I was there when they broke the internet (coincidentally)

Started by David Pilling, June 01, 2023, 10:25:19 AM

Previous topic - Next topic

David Pilling

The PBS wiki consists of 1000's of text entries describing plants. These have been laboriously written by hand - most of them by Mary Sue Ittner, although many others have been involved. I have always found this difficult, just like writing essays at school on subjects I was not familiar with.

The latest wiki entry is for Chlorogalum grandiflorum:


I got Google 'bard' to write the text, and I am very proud of the result. It took me no time at all and it is much better English than anything I could usually have done.

The problem is that I have no idea if the material is correct and by now it will have been indexed by Google and will shortly be fed back into 'bard' etc.

We could see if we can stop the wiki contents being used to train AI, or we could decide to not use AI when adding stuff to the wiki. Not that it will make any difference...


And after many iterations of writing nonfiction text with AI, we will have a trove of fantasy botany.

David Pilling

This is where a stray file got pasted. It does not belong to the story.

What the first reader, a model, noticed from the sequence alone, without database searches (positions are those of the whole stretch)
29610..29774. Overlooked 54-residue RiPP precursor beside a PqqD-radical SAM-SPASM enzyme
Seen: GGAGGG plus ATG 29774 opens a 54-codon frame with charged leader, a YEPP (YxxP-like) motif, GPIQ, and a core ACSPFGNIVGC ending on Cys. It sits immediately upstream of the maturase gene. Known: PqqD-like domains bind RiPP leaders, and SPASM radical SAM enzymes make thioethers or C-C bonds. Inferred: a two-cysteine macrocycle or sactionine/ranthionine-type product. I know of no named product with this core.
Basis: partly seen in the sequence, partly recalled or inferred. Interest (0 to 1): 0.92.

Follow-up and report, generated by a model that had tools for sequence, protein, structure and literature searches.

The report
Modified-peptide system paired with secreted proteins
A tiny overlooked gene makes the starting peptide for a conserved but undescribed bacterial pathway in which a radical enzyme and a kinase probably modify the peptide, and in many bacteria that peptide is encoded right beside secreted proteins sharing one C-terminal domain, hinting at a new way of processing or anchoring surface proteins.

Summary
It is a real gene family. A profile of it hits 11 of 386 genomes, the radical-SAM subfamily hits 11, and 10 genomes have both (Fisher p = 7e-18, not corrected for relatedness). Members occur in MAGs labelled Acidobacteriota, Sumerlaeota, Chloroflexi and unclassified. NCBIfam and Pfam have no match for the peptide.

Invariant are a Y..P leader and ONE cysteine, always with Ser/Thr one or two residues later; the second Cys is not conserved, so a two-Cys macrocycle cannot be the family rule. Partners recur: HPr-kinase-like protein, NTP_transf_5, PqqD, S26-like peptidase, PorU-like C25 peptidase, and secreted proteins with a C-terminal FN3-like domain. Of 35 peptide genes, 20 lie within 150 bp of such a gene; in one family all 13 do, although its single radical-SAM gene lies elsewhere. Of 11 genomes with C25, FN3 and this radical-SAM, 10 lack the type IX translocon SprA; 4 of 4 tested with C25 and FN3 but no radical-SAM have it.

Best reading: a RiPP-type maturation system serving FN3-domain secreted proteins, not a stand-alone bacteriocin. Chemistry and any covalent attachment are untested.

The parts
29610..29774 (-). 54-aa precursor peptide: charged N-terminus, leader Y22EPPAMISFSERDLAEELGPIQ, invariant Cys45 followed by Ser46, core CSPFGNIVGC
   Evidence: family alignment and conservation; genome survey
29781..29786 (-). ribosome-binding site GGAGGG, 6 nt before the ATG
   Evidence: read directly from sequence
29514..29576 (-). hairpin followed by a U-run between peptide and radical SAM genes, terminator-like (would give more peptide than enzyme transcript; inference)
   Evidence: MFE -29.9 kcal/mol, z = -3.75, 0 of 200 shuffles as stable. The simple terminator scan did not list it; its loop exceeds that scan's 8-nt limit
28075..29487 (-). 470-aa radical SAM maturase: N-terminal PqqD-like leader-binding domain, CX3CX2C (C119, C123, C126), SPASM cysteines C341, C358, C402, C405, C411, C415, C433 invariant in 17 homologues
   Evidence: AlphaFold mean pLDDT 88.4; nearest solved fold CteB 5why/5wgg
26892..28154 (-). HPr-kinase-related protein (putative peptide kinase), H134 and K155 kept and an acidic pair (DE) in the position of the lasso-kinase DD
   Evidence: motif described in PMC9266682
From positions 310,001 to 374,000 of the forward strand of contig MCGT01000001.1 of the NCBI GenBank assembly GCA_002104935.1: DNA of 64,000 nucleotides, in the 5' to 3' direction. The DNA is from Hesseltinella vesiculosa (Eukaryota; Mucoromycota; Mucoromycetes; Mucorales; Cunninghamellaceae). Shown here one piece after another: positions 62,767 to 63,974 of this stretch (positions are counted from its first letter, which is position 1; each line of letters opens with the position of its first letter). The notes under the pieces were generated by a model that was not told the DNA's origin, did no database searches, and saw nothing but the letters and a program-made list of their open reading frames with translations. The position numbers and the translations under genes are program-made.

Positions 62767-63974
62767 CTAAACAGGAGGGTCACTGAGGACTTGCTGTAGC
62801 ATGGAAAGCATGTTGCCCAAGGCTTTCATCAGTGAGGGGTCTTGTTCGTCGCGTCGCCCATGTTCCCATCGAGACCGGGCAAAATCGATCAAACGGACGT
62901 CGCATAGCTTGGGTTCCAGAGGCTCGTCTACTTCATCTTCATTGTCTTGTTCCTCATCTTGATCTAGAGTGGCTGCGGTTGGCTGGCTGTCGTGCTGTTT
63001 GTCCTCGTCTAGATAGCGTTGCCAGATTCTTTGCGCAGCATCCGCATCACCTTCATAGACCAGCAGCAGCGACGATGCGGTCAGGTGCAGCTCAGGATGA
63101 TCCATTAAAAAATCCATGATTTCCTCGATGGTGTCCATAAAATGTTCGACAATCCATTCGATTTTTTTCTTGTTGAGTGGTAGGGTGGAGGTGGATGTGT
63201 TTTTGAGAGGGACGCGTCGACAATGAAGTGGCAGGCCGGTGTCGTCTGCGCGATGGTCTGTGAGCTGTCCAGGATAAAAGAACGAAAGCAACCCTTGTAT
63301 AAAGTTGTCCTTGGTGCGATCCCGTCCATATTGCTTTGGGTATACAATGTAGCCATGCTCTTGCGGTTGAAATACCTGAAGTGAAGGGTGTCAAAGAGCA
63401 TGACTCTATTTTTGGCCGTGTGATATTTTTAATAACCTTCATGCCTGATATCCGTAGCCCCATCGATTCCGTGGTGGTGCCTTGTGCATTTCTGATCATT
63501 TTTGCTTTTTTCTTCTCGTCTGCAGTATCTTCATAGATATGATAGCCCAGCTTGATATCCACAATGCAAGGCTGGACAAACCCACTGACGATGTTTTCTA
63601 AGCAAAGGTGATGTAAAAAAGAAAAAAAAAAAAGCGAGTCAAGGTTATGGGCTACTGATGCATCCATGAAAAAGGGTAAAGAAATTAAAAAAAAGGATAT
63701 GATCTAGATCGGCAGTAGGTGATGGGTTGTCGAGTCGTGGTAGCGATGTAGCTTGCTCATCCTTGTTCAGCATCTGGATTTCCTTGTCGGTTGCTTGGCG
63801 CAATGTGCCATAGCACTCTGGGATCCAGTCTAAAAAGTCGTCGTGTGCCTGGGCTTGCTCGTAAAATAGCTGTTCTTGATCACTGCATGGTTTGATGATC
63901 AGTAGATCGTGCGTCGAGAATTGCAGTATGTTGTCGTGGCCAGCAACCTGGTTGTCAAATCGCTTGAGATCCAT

I am going to analyse what happened here for the benefit of anyone Googling.

I used bard AI to generate the original PBS wiki entry for Chlorogalum grandiflorum - the generated text is shown in italics below.

The first chunk of the AI material consisted of copying everything on wikipedia:
Zero marks for that.

is also known as Red Hills soap plant, it is a perennial wildflower that grows from a red or brown-coated bulb up to 7 centimeters wide. The basal leaves have very wavy edges. The inflorescence may be a meter long and is composed of many flowers, each with six tepals which are white with a purple midvein. The tepals are narrow, up to 3 centimeters long, and curl back as they spread open. Each ephemeral flower opens in the evening and closes by the following morning. There are six stamens tipped with yellow anthers. The fruit is a capsule just over half a centimeter long.

Chlorogalum grandiflorum is endemic to the Sierra Nevada foothills of California, where it grows in chaparral, woodland, and forest on serpentine soil. It is a rare plant, and its populations are declining due to habitat loss and fragmentation.

There is an addition to wikipedia "It is a rare plant..."

Beyond that there are some additions

The plant is named for its soapy sap, which can be used to wash clothes and hair. The plant was also used by Native Americans as a medicine for a variety of ailments.

I can't find this for grandiflorum but there is a very interesting article about Soap Plant (Chlorogalum pomeridianum)


Probably they're similar, kinda sorta right.

The plant is a host plant for the larvae of the checkerspot butterfly.
The plant is used in traditional Chinese medicine.

I can't find either of these. Why would a California native plant be used in China, assuming traditional means more than a couple of 100 years old.

The original wiki entry containing the information I've not been able to verify does at the time of writing appear on Google search results. But by now I have now removed any material unique to bard.